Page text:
Springer Nature is making SARS-CoV-2 and COVID-19 research free. View research | View latest news | Sign up for updates

Plant-soil feedbacks differ in intact and tornado-damaged areas of the southern Appalachian mountains, USA

Abstract

Aims

Plant-soil feedbacks (PSF) greatly influence forest community structure and diversity. However, it remains unknown how feedbacks change after disturbances. Biotic and abiotic changes reduce soil microbial diversity after a severe disturbance. These post-disturbance changes may create neutral PSF. We examine a) differences in performance of three seedlings of southern Appalachian tree species in same-species and different-species soil and b) whether the relationship differs between intact forest and wind-damaged patches, as well as c) test mycorrhizal colonization rate as a potential mechanism.

Methods

In April 2011, a severe (EF-3) tornado damaged several thousand hectares of mature secondary mixed pine-oak forest in northeast Georgia, USA. In 2012, we collected soil from the base of mature trees in intact forest and in tornado-damaged patches. Three tree species seedlings were grown in same-species and different-species soil for three months. Height, biomass, and mycorrhizal colonization were compared.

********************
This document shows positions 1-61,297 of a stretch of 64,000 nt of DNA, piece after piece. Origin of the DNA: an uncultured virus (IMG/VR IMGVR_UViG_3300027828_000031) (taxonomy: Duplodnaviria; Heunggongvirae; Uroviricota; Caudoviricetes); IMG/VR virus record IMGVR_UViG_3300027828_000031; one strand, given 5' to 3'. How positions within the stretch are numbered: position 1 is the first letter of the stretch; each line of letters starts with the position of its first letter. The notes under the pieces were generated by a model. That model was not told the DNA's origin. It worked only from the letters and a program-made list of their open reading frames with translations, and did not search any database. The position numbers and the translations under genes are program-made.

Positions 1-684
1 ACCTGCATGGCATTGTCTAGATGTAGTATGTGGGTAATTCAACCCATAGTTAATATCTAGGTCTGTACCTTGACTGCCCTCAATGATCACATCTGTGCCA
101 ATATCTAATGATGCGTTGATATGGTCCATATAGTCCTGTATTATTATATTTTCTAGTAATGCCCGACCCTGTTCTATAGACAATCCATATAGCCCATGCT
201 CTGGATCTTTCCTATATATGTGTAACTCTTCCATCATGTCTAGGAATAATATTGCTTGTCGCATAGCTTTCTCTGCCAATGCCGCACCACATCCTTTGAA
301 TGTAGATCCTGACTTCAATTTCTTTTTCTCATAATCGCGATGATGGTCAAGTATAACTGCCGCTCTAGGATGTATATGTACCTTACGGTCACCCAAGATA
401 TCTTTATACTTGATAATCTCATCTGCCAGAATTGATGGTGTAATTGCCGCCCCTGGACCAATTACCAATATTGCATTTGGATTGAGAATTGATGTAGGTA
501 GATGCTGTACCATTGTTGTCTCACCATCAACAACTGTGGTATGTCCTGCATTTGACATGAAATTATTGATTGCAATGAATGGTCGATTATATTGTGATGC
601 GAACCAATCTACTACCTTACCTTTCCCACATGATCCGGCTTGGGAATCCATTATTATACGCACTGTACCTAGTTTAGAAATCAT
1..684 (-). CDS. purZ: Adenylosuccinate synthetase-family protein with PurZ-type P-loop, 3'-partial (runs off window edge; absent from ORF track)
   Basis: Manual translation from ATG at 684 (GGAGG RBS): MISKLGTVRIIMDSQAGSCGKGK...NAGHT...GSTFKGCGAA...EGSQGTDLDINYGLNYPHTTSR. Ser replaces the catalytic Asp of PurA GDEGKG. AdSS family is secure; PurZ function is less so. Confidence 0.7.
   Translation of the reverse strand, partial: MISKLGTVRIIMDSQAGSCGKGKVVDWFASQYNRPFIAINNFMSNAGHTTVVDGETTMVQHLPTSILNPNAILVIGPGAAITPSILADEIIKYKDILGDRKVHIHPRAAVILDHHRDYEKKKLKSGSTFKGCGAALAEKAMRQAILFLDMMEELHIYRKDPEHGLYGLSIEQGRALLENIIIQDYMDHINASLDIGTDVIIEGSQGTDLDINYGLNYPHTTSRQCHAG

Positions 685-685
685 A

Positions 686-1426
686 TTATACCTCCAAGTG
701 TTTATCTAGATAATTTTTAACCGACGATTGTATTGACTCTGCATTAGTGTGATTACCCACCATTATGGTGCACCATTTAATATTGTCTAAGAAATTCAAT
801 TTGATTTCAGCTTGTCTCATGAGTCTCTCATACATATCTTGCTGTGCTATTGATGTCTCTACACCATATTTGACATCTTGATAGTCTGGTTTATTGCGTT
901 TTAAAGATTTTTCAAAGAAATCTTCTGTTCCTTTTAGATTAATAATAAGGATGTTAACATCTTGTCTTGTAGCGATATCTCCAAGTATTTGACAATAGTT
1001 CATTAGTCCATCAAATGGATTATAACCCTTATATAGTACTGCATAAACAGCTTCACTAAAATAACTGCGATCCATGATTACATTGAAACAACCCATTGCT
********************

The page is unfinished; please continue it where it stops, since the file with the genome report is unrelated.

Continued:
Results

Results suggest that PSF are neutral to negative in intact forest. For Nyssa sylvatica Marsh., PSF were less negative in wind-damaged soils. Quercus alba L. exhibited the opposite response. Pinus strobus L. PSF did not differ with wind damage.

Conclusions

We found that PSF may be changed by severe wind disturbance, but the nature of the changes depends upon species identity. Multiple soil mechanisms aside from mycorrhizal colonization likely drive disturbance-related PSF changes.

This is a preview of subscription content, log in to check access.

Fig 1
Fig 2
Fig 3
Fig. 4
Fig. 5

References

  1. Bever JD, Westover KM, Antonovics J (1997) Incorporating the soil community into plant population dynamics: the utility of the feedback approach. J Ecol 561-573

  2. Brooks HE (2013) Severe thunderstorms and climate change. Atmos Res 123:129–138. doi:10.1016/j.atmosres.2012.04.002

  3. Burns RM, Honkala BH (1990) Silvics of North America: 1. Conifers; 2. Agriculture Handbook 654:877, Hardwoods

  4. Comita LS, Muller-Landau HC, Aguilar S, Hubbell SP (2010) Asymmetric density dependence shapes species abundances in a tropical tree community. Science 329:330–332

  5. Connell JH (1978) Diversity in tropical rain forests and coral reefs. Science 199:1302–1310

  6. Corkidi L, Rowland DL, Johnson NC, Allen EB (2002) Nitrogen fertilization alters the functioning of arbuscular mycorrhizas at two semiarid grasslands. Plant Soil 240:299–310

  7. Cowden CC, Peterson CJ (2013) Annual and seasonal dynamics of ectomycorrhizal fungi colonizing white pine (Pinus strobus) seedlings following catastrophic windthrow in northern Georgia, USA. Can J For Res 43:215–223